1) yes HDLC can be used only in point to point links. The protocols it derived from supported multiple stations on the link and had the address field to identify the unique destination station. HDLC kept the address field, but is used only in point to point links.

2) I would respond that the best practice is to use point to point links in which the mapping is established and you do not need to worry about either inverse ARP or static mappings.

3) Frame Relay does work on point to point links. Frame Relay always needs to resolve the next hop IP address with the L2 destination address, even with point to point links. But with point to point Frame Relay the mapping is created automatically.

4) With HDLC or with PPP there is not the disadvantage when you point just to the outbound interface that there is with Ethernet. When you configure a static route and just specify the outbound interface, if it is an Ethernet interface then the router must ARP for each destination address since it must learn the appropriate L2 address for each destination. But with HDLC or PPP that is not a factor. For consistency I would suggest configuring static routes with next hop address, even over HDLC or PPP.



badalam_nt Sun, 02/22/2009 - 13:00

Rick, what does it mean that the "mapping is established" and so that I don't need neither Inverse ARP nor static mapping of IP@ to DLCI? And is this statement valid as well for point to multipoint links?

As regards to the way of defining static routes on serial links, some books recommend to use the outgoing interface name instead of next hop IP@ in order to reduce the lookup time and so reduce the CPU load. You mean that this advantage is negligible ?

Giuseppe Larosa Sun, 02/22/2009 - 12:58

Hello Petru,

just some additional notes on details the core value is already in Rick's answer


that field is named address but actually is a fixed field with a pre-established value also for HDLC not only for PPP.

So there is no need to resolve the ip address and also this means that HDLC is only usable on point-to-point.

You can consider this address a placeholder.

There are HDLC derivated protocols that may be multipoint capable : SDLC on IBM networking. We have some legacy devices in our customer network that use SDLC but is a different protocol not HDLC.


a point to point FR or ATM subinterface can use and support only one PVC: once we say what PVC is associated to the interface (manually or via some form of LMI ILMI communication with the wan switch) there is no resolution problem anymore

Hope to help


Richard Burts Sun, 02/22/2009 - 13:15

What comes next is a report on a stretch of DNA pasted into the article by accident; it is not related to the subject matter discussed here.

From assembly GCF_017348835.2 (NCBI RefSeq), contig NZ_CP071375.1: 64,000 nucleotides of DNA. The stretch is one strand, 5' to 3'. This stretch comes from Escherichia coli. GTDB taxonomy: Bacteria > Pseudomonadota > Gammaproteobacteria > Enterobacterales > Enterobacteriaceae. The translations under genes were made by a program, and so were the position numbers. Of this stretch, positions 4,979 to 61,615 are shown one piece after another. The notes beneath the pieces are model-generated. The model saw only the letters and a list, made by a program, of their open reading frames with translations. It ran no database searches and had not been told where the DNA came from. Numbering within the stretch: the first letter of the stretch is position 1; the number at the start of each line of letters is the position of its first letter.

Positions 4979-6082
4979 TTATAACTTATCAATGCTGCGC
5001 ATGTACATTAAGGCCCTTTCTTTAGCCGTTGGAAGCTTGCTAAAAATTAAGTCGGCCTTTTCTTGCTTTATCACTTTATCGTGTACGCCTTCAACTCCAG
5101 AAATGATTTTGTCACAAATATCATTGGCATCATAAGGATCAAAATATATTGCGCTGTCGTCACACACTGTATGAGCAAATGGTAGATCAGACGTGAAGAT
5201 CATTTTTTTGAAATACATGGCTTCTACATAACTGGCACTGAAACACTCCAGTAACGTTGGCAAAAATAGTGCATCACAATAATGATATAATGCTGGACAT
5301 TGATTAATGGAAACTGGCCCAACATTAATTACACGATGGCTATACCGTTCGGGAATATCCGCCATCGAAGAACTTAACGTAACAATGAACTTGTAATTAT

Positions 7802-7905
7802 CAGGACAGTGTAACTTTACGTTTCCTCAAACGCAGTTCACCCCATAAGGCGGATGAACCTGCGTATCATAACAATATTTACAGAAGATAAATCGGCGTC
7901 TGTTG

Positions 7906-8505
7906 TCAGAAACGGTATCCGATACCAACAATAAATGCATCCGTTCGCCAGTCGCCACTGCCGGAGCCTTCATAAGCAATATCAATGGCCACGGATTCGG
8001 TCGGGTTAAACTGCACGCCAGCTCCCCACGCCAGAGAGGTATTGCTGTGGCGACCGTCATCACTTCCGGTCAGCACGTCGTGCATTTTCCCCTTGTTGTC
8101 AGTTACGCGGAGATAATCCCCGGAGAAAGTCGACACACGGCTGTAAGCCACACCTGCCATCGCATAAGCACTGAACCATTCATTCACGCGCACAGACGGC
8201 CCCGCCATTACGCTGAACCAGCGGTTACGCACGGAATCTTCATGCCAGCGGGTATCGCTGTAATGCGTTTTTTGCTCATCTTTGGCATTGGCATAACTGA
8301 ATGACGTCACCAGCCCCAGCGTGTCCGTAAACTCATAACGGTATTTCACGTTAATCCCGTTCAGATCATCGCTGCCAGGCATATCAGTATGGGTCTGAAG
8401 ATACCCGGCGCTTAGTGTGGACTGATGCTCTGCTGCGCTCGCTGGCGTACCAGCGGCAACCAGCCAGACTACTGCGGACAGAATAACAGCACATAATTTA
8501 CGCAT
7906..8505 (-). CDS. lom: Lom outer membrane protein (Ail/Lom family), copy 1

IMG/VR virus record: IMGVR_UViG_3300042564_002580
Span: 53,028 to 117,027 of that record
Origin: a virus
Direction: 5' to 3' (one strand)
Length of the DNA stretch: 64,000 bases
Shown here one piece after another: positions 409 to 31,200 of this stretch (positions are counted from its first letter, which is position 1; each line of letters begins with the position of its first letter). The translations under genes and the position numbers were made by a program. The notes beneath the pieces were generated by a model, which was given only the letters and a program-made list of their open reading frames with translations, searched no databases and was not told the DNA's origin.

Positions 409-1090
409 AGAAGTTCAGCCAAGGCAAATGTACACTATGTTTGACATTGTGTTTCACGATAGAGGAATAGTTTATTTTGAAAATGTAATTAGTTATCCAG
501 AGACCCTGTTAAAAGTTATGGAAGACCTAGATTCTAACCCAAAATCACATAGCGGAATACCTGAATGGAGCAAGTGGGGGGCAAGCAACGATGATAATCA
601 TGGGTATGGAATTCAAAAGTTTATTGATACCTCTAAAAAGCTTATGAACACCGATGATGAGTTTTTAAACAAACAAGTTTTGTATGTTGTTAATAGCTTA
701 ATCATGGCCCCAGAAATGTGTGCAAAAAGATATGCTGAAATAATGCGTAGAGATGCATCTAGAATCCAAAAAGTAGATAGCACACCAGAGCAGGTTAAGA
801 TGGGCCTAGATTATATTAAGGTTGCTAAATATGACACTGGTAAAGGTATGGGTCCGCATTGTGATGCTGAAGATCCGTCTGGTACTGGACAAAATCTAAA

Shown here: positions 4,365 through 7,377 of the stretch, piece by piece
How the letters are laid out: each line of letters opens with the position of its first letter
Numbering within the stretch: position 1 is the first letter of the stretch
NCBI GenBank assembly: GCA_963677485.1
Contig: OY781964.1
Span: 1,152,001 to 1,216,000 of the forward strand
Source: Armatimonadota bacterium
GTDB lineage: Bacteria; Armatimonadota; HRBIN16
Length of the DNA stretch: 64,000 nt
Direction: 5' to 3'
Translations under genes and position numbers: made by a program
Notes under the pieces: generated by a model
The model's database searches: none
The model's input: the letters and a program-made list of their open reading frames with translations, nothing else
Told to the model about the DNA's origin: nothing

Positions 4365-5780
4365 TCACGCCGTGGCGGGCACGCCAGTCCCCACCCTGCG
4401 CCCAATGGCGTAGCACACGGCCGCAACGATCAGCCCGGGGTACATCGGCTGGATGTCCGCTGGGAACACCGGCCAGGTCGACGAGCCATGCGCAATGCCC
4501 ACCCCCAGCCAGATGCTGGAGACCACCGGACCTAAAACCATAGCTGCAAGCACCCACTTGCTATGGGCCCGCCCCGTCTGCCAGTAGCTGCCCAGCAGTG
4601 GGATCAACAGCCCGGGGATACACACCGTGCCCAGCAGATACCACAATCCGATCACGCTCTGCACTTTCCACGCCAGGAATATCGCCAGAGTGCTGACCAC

My thanks to Giuseppe for the details supplementing my answer.

When you configure a subinterface as point to point for Frame Relay then IOS automatically knows what DLCI to use for that subnet/destination address and no additional mapping is needed. This is not the case for point to multipoint. For multipoint there is still some mapping that is required.

Some books may advocate specifying the outbound interface and not the next hop address when configuring static routes. I would not argue with them. But I suspect that many of them were written before CEF became common. With the information contained in the CEF table I do not believe that the lookup for the outbound interface is any more efficient than the lookup for the next hop address.

note that the one time when it is certainly better to specify the outbound interface is if you are running a point to point serial interface with ip unnumbered. In this case specifying the interface is certainly better than specifying the next hop address.



badalam_nt Sun, 02/22/2009 - 13:20

Thanks Rick and Giuseppe.

My last question is regarding the point to multipoint links: which are the pros and cons of using Inverse ARP versus static mapping?

Richard Burts Sun, 02/22/2009 - 13:38


For multipoint links the advantage of inverse ARP is that it is automatic and requires no manual effort in the configuration. The disadvantage of inverse ARP is that it sometimes can not resolve all of the addresses. In particular if you have multipoint Frame Relay in a hub and spoke design then inverse ARP on the spoke router can resolve the address of any other spoke router.

For multipoint links the advantage of static mapping is that it can be complete and can resolve addresses of every router in the multipoint environment. The disadvantage of static mapping is that it is manual, requires effort on your part, and as with any manual effort is subject to errors in configuration.